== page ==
A Syndrome of Selfishness & Managers

A syndrome of selfishness has taken hold of our corporations and our societies, as well as our minds. It is built on a series of half-truths, each of which drives a wedge into society: from a narrow view of ourselves as economic man, to a distorted view of our values reduced to shareholder value, to a particular view of leadership as heroic and dramatic, to a nasty view of organizations as lean and increasingly mean, to an illusionary view of society as a rising tide of prosperity.


1. The rising tide of prosperity- wedge of disparity
2. Lean mean organization- a wedge of discontinuity
3. Heroic leadership- a wedge of disconnection
4. Shareholder value- a wedge of disengagement
5. Economic man- a wedge of distrust

A manager is an Economic man – Economists believe that in the organization suffering from “Syndrome of Selfishness” the managers who are economic men make all business decisions based on monetary value and for their own economic self interest. When managers and businesses purely act in accordance to their individual economic self interest, this creates a wedge of distrust with the rest of society. This one-dimensional view of managers has contributed to selfish individualism. If managers merely calculate their wants, they will end up with a scheming organization. This is a selfish perspective of a business.

Managers should have the courage to confront the faceless, mindless system of individualism, to pursue beliefs as a need, not a want, at the expense of measurable gain.

Managers exist to maximize shareholder value. Corporations are economic entities but they are also social institutions that must justify their existence by their overall contribution to society. Organizations suffering from Syndrome of Selfishness have problems balancing the shareholder expectations to maximum return against other priorities such as customers, employees, and society. Shareholders put up the capital but create little of the value, yet they currently seem to enjoy total power. Shareholder value creates a wedge between those who create economic performance and those who harvest the benefits.

Managers must serve a balanced set of stakeholders. The shareholder must receive a good return but the legitimate attention should be given to customers, employees, communities, suppliers, and society. The balancing of all these constituencies will best serve the interest of the shareholders and the organization.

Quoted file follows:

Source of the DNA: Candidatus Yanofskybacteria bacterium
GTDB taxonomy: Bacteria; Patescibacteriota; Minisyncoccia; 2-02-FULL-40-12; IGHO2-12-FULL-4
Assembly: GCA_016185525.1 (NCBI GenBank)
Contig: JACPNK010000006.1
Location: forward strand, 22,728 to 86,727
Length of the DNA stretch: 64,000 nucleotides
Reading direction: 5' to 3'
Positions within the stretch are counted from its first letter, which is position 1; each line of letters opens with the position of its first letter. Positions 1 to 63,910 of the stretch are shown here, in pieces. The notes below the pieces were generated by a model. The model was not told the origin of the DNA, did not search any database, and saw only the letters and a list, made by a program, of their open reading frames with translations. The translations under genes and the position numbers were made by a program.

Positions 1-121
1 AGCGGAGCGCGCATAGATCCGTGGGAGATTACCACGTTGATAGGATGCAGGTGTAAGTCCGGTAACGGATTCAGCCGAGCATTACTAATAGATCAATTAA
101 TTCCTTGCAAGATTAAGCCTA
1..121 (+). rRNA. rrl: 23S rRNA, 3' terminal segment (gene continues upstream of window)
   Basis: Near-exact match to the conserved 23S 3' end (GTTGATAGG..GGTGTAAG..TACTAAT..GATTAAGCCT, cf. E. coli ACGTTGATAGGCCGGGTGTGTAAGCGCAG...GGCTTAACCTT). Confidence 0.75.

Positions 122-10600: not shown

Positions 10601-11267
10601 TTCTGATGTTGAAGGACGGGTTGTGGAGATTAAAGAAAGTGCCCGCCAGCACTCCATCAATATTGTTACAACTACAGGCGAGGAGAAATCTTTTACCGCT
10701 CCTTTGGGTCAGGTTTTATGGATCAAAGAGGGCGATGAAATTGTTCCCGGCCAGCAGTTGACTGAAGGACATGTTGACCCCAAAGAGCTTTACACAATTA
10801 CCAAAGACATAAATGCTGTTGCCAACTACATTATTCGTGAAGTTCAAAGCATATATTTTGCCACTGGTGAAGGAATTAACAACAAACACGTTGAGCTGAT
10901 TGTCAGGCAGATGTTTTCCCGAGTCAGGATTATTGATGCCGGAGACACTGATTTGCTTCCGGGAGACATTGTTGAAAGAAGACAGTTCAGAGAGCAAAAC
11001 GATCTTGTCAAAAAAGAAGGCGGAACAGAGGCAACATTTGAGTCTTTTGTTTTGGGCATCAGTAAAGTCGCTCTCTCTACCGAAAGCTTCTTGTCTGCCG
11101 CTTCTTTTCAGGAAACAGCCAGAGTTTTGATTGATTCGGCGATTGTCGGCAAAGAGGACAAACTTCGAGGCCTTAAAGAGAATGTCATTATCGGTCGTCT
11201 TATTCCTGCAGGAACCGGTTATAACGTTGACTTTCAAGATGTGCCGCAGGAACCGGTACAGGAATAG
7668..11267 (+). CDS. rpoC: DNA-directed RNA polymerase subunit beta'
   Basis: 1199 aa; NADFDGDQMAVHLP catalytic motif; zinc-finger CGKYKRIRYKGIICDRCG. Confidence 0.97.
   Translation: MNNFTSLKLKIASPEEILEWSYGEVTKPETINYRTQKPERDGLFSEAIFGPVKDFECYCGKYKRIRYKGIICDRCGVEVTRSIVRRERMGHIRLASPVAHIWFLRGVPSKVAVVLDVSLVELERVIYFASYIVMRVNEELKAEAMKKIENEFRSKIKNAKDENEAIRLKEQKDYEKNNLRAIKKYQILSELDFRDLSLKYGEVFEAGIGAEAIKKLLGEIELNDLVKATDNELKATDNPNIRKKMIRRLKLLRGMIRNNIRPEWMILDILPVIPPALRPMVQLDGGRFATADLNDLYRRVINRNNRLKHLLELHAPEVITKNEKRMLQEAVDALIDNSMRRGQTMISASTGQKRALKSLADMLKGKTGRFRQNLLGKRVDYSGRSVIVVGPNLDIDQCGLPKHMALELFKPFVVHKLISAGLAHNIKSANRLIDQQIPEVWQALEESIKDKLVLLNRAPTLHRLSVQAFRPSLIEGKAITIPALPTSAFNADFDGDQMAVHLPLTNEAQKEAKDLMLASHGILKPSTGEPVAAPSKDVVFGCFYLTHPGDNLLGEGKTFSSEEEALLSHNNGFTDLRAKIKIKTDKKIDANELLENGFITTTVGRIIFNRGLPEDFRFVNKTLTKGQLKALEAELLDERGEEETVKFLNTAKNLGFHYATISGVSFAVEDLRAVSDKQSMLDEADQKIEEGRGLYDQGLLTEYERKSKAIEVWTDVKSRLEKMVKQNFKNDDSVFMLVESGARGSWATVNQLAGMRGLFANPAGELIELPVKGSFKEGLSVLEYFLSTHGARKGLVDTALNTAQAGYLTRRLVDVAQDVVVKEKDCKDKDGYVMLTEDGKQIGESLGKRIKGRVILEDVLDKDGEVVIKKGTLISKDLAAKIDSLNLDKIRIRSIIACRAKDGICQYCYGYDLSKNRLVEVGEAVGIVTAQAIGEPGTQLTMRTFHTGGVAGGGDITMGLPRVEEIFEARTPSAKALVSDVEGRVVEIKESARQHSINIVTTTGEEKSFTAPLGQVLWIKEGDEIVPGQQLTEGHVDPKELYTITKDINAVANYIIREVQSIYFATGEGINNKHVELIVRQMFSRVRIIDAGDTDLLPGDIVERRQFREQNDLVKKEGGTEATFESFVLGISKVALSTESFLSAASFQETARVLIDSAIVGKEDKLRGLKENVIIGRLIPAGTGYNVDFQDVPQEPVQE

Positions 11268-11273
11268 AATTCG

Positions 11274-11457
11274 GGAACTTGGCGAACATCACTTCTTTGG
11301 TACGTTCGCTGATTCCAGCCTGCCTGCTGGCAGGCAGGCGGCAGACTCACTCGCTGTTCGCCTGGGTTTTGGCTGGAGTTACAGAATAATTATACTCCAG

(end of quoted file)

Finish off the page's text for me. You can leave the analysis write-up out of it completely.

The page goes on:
Managers are ‘heroic’ leaders. Managers suffering from Syndrome of Selfishness think that they are the enterprise and are responsible for the entire performance of the business. They take advantage of this situation and are paid handsomely. Heroic leadership drives a wedge of disconnection between top management and employees, customers and society. Managers who are heroic in real leaders are committed, involved and engaged with their role. They believe in teamwork, long-term perspective and building an organization slowly, carefully and collectively.

The effective organization is lean and mean. Manager fails in their vision, strategy, and tactics but employee takes the fall for this failure. Lean and mean is supposed to lead to lower costs, higher productivity, flatter and more flexible organizational structures, more empowered workers and happier customers. But instead, it often leads to burned out managers, angry workers, and quality losses in the guise of productivity gains. It drives a wedge of discontinuity. Managers are representative of the employee. He is an intermediary between the employee and top management. The manager communicates an organizational vision to the employees of the organization. He should ensure effective communication flow in an organization. There should be a win-win relationship between the employees and the management.

A rising tide of prosperity lifts all boats. Managers believing in this belief drive a wedge of disparity between the beneficiaries of stock price increases and the large numbers of people disadvantaged by the behavior of businesses. Syndrome of Selfishness state that everyone prospers in a selfish economy. Economic development, in turn, will take care of the social development. That’s not true. Managers should know that Real prosperity combines economic development with social generosity. Prosperity is not just economic and cannot be measured by averages alone. It has to be societal too, and that depends on distribution.

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